An ‘arresting’ recipe: Elaine’s banana bread
Written by KAREN NADLER COTA Sentinel Lifestyles Editor
Tuesday, 22 April 2014 09:38
RUDOLPH - If Elaine Lyons discovers a batch of new people showing up in her life in the next month or two, seeking to become friends, I'd advise her to consider the overtures with a healthy dose of suspicion.
|Elaine Lyons serves her banana bread on her mom’s silver tray. (Photos: J.D. Pooley/Sentinel-Tribune)
My guess is, they will have read this Cook's Corner and figured out the truth: If you are family, friend, neighbor, co-worker or fellow volunteer with Lyons, you are going to enjoy some of the best baked goods to be found anywhere.
Just stick around. She's always baking, and she's always sharing what she's made.
That makes it almost impossible for Lyons herself to settle on just one recipe for this week's column.
"I asked my daughter which one to make, and she said 'Oh, make your banana nut bread. Everybody loves that.'"
It comes with the seal of approval from no less an authority than Bowling Green Police Chief Brad Conner.
Back when he was Lt. Conner and Lyons was still working as administrative assistant at the police department, she brought a loaf of the banana bread in to work one day.
She's pretty sure she originally found the recipe in a Country Cooking cookbook - one of the many different cookbooks in her collection.
"I know it had to be between 15 and 20 years ago, because I was working at the police department at the time and everybody just loved it."
After the first taste, Conner either requested Lyons make another loaf of the banana bread that he could take home to his wife, or he took the last bit of the loaf she had already made home with him.
Either way, Conner and his mother both liked Lyon's banana bread so much they switched allegiance immediately.
"He told me they were throwing out their recipes and going to use this one from now on. I thought that was pretty cute."
Most every recipe has one or two silent keys to its success and Lyons is pretty sure what to credit in this one.
"I think the buttermilk is the key to the moistness" of the banana bread.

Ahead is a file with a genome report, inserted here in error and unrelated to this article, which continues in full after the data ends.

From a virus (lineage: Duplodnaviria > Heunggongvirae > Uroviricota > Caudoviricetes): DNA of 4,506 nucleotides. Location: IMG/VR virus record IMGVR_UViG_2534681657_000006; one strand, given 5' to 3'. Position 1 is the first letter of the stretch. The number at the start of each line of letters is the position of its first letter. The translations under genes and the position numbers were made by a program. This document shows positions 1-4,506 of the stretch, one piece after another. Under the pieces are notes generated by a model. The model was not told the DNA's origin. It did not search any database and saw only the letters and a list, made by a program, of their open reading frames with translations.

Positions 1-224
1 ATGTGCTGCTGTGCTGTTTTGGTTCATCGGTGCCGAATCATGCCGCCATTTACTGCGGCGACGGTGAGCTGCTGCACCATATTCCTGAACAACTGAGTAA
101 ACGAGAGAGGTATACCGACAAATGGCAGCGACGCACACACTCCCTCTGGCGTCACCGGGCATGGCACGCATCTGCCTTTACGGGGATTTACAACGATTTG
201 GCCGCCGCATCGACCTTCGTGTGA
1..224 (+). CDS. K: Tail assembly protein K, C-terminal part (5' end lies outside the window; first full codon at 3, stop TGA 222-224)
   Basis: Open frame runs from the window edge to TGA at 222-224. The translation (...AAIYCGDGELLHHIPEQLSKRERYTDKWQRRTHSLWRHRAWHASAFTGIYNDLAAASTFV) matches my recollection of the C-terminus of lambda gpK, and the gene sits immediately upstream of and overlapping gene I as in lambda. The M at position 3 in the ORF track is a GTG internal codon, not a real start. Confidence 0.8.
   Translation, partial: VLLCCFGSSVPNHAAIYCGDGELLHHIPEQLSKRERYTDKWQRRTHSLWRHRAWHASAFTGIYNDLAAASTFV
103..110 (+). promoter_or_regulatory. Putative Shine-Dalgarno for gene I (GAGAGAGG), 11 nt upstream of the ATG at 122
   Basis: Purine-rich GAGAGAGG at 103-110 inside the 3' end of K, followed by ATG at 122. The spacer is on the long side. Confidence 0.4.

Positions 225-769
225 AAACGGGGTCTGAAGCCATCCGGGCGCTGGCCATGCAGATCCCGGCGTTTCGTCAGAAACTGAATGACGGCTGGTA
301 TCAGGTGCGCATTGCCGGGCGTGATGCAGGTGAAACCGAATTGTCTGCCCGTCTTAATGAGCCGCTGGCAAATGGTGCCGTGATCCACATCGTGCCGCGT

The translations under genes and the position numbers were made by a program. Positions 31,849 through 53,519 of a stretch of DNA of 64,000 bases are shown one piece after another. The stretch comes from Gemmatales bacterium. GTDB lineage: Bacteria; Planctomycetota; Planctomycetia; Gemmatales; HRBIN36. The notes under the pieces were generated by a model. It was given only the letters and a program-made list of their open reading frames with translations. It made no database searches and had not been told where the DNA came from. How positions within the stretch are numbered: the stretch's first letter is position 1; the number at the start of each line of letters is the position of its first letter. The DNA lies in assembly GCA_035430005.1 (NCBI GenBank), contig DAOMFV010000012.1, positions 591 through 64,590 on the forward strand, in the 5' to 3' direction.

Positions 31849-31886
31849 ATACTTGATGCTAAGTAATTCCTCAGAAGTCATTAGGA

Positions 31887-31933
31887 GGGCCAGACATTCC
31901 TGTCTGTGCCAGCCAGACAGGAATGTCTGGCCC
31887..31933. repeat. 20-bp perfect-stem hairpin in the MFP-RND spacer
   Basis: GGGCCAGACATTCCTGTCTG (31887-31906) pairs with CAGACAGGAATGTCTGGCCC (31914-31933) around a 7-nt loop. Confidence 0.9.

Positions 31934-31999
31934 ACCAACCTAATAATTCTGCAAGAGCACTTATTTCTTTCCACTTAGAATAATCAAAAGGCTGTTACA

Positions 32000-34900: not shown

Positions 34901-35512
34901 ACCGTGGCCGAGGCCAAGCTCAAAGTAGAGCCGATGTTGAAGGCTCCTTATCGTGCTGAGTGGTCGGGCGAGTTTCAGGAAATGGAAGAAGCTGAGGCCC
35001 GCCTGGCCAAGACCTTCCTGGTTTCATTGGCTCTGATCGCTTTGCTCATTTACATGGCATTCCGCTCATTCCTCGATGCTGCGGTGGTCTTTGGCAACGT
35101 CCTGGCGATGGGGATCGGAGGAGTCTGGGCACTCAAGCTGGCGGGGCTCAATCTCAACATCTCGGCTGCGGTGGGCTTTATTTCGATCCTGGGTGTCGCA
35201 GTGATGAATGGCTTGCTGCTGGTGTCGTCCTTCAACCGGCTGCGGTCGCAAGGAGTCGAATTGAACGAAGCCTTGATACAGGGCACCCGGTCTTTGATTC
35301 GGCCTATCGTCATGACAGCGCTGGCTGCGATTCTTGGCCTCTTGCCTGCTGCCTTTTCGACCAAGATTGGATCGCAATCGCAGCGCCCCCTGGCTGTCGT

She remains faithful to the recipe as spelled out elsewhere on the page, with one occasional exception.
"The only thing I change from time to time, sometimes I use applesauce in place of the oil. It cuts down on the fat content."
Lyons is Wood County born and raised, although she has called several different communities home over the decades. She attended grade school in Tontogany, but graduated from the old Liberty High School in Rudolph.
In 1970 Lyons started working at the police department in Bowling Green, first as a dispatcher and the last 13 years as administrative assistant to the chief, prior to her retirement in 2003.
For the past two years she's been a regular volunteer at Wood County Hospital, stationed at the emergency entrance.
That gives her a new outlet for her constant baking.
"Last summer I made a rhubarb bread for the gals at the welcome desk at the hospital."
Not everybody loves rhubarb, she knows, but for those who do she sometimes unveils another special recipe, for a rhubarb cream pie.
During zucchini season she has a zucchini bread recipe to die for. "Sometimes I put chocolate chips in the banana bread; I do the same with zucchini bread."
This week she decided to make cherry pie as the finish to what turned out to be a nontraditional Easter dinner.
"It was just my son and I" and the pair decided to take advantage of the warm sunshine. "We did steaks and shrimp on the grill, and we had broccoli and the cherry pie." In return, he spent the afternoon working in her yard.
Lyons has a total of five grandchildren, all now grown, and seven great-grandchildren. Other children, too, get to enjoy her grandmotherly touch in the kitchen.
"I take the neighbors my bread sometimes. The kids love my breads."
Lyons often gravitates toward recipes that have won contests of one sort or another, especially state and national.
Take the one for Award-Winning Washington State Apple Pie. "It is the only apple pie recipe I use now."
Sometimes she makes a tropical version of banana bread, called Pina Colada Bread.
"It has pineapple and coconut in it, and there's a rum extract that you put in it."
Lyons "is always putting things up on Facebook," one of her friends noted, saying she generously passes along photos and ideas about recipes that have turned out well for her.
All told, she estimates she's been baking bread for at least 20 years.
Like many people she went through the bread-machine fad. "I used the one my son got me, for quite awhile, but I wasn't happy with how the bread turned out."
When the machine started acting funky, she happily discarded it and returned to making all her bread from scratch.
In recent years, it's become her regular Sunday tradition.
Best Ever Banana Bread
1 ¾ cups all-purpose flour
1 ½ cups sugar
1 teaspoon baking soda
1/2 teaspoon salt
1 cup mashed ripe bananas (2-3 medium)
½ cup Canola oil
¼ cup plus 1 Tablespoon buttermilk
1 teaspoon vanilla
1 cup chopped walnuts
In a large bowl stir together flour, sugar, baking soda and salt. In another bowl, combine eggs, bananas, oil, buttermilk and vanilla. Add to flour mixture, stirring just until moistened.
Fold in nuts. Pour into a greased 9-inch-by-5-inch-by-3-inch loaf pan. Bake at 325 for 1 hour and 10 minutes or until bread tests done. Cool for 10 minutes before removing from the pan to a wire rack.
Yields 1 loaf.
Note: For an intense banana flavor, use bananas that have speckled dark peels. For a milder flavor, use bananas whose peels are still yellow.